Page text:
Friday, November 18, 2016

My Top 10 Ag Idioms

By: Brooke Schultz, Communications Coordinator, CRI

Take a deep breath and brace yourself – I’m about to shower you with a fun play on words related to agriculture. Maybe it’s just the English nerd in me, but I have a weird fascination for idioms, what they stand for and where they originated. I figured what better way to merge my nerdy language enthusiasm with your passion for agriculture?

Before I begin spewing idioms at you, it would probably help if you understood what an idiom is. Similar to a metaphor, an idiom is a set expression or phrase that is not interpreted literally. The phrase is understood to mean something quite different from what the individual words of the phrase would imply. Examples of idioms include: raining cats and dogs, sick as a dog, jumping the gun, piece of cake, break a leg, etc.

So, what are some of the fun idioms used that relate to agriculture? I’ve listed my 10 favorites below. Take a look!

1.    Born in a barn.
One could guess this phrase was originated in reference to farmers leaving their barn doors open to allow cattle to head out to the pasture freely. This was probably my dad’s favorite saying while I was growing up. Since he paid the heat bill, he was sure to let my brother and me (and even our friends) know he was unhappy when we left the front door open by quipping this phrase. (To which I would respond in typical teenage fashion, “I don’t know, dad, was I? You were there and would know better than me.” Thankfully my dad and I had a good relationship where we could banter back and forth like that.)

 2.    Don’t count your chickens before they hatch.
This idiom seems pretty self-explanatory – Don’t make assumptions and rely on something you’re unsure about. It would be a bummer to think you’re going to have 10 chickens, only to find out three of them died so you only have seven. (Or, to make it a little more relatable to members and customers ... planning on having xx amount of calves born and join the herd, only to have a significant number of them die from a disease outbreak.) That could really throw a wrench in future plans and profitability.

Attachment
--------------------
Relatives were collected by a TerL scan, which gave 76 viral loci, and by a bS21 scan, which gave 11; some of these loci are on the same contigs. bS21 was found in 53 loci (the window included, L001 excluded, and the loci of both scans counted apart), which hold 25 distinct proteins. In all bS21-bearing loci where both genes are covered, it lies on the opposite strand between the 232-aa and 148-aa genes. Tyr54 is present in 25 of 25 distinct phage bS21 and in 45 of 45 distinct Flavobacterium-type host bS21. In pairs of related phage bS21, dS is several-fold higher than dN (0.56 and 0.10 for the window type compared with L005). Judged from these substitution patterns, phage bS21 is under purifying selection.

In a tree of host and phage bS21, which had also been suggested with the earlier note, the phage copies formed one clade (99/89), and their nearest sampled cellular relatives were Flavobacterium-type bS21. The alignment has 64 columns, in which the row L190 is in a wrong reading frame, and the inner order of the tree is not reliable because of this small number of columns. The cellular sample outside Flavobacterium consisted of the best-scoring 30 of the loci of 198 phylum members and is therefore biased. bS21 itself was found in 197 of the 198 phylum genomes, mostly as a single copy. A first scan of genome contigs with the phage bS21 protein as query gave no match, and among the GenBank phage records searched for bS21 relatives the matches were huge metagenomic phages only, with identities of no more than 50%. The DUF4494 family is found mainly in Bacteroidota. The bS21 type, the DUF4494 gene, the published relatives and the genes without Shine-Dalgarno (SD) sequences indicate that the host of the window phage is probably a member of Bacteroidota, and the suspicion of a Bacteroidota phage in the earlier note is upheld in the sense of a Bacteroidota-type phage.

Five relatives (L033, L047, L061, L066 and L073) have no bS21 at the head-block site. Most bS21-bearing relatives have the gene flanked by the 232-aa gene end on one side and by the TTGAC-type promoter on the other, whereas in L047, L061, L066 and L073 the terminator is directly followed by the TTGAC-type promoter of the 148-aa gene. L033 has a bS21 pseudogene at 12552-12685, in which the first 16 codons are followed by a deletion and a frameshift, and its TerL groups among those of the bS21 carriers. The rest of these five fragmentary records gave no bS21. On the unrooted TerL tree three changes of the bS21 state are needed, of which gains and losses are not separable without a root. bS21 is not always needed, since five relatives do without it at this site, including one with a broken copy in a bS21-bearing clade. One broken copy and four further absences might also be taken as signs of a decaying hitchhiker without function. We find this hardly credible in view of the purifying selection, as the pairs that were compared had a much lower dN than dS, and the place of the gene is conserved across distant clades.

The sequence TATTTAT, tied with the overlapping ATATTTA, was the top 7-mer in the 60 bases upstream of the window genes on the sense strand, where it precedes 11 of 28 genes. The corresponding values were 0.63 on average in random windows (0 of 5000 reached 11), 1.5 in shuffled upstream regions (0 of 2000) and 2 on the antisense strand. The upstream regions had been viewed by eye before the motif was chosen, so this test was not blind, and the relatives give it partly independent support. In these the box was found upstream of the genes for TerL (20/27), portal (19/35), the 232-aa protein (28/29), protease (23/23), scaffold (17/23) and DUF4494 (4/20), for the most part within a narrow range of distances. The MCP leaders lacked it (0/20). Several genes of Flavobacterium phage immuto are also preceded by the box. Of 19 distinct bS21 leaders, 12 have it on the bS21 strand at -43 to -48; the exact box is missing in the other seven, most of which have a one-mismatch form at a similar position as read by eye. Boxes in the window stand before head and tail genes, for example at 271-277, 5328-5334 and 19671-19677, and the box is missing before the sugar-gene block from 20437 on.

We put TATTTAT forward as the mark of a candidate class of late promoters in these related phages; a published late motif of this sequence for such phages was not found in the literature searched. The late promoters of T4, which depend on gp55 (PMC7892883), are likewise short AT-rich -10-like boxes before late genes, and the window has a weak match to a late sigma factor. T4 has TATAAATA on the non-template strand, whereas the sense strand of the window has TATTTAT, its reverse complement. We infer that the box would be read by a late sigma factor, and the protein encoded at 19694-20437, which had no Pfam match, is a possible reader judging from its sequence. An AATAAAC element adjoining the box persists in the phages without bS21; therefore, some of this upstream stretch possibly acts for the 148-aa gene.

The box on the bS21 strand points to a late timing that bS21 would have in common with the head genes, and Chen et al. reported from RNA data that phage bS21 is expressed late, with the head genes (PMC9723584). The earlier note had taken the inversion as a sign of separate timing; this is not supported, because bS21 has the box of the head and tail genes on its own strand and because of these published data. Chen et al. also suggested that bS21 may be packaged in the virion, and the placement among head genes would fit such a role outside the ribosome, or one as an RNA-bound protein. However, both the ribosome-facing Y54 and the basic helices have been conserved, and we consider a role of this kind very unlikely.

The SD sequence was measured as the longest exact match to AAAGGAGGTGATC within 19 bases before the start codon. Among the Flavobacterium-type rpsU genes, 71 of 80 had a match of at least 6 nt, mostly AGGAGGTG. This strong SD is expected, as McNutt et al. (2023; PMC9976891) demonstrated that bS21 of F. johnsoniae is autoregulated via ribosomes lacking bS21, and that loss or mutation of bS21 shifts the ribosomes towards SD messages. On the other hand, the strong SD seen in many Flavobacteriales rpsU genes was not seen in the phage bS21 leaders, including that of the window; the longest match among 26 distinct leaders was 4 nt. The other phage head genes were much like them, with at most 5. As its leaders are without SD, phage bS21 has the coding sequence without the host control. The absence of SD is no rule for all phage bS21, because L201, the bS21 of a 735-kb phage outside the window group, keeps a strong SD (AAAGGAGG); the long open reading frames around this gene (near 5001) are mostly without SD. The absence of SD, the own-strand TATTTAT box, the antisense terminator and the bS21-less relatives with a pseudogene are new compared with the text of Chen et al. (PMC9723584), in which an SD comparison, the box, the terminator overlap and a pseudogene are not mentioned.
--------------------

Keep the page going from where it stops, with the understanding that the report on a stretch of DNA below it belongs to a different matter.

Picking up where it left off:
3.    Take the bull by the horns.
Warning: Do not try this at home. (Actually, you probably shouldn’t try this anywhere.) Rather than taking this idiom literally, one should know this implies you should confront a problem head on. Yes, when there is an issue that needs to be handled, you should put your boots on, saddle up and take the bull by the horns. (Idioms! Idioms everywhere!)

4.    Cream of the crop.
The best of the best. The bee’s knees. The cat’s meow. The crème de la crème. Need I say more? I mean, I think we all know it’s a fairly shared opinion that the cream is the best part of the milk. Speaking of milk...

5.    Milk it for all it’s worth.
No, I’m not referring to literally milking your cow for all she’s worth (although you can go ahead and do that too)! Rather, this idiom means to take full advantage of a situation. Like on those rare occasions you actually have a day off, you should milk it for all it’s worth. (Sleep in. Spend some much needed time with family. Take a road trip. Visit the beach. Do anything and everything you would want to do on your day off. Trust me, you’ve earned it!)

6.    You reap what you sow.
While literally, yes, you reap what you sow (aka you gather what you plant), this idiom means everything that happens to you is a result of your own actions. Every action has a consequence, so make sure what you sow is worth the reap. And since we’re on the topic of crops...

7.    Make hay while the sun shines.
Seize the day! Carpe diem! As a farmer or rancher, you know it’s imperative to take advantage of good weather, so what do you do? You make hay while the sun shines (literally).

8.    Hold your horses.
Put simply: wait a moment. While the origin of this idiom hasn’t been verified, most explanations historically relate to horse riding or driving a horse-drawn vehicle. (You know those chickens I referred to earlier? You should probably hold your horses on counting them before they hatch.)

9.    Bull in a china shop.
Can you imagine a bull let loose in a store filled with expensive, fragile china? I’m sure my grandmother would be cringing at the thought. This idiom describes individuals who are careless in the way they move or behave. I cannot count how many times I’ve used this phrase to describe a particular friend who just plows through delicate spaces. (See what I did there?)

10.   A needle in a haystack.

I’m sure you all know objects compared to “a needle in a haystack” refers to something that is extremely difficult or impossible to find ... like when you’re running around taking care of a million things, then misplace your car keys in the process. We all know finding them is like finding a needle in a haystack (and then you eventually find them in the fridge 20 minutes later). Or when you’re about to begin harvesting, only to realize you cannot find that hitch pin you swore you just had. Or maybe you parents have heard it when your children are looking for something but just CANNOT find it (only for you to find it within five minutes of looking).

Well, there you have it, folks. My top 10 ag idioms. I hope this blog post gave you a break from your mundane chores and responsibilities and helped you realize how colorful and fun our language can be!

1 comment:

  1. Great list! I definitely use all of these! :-)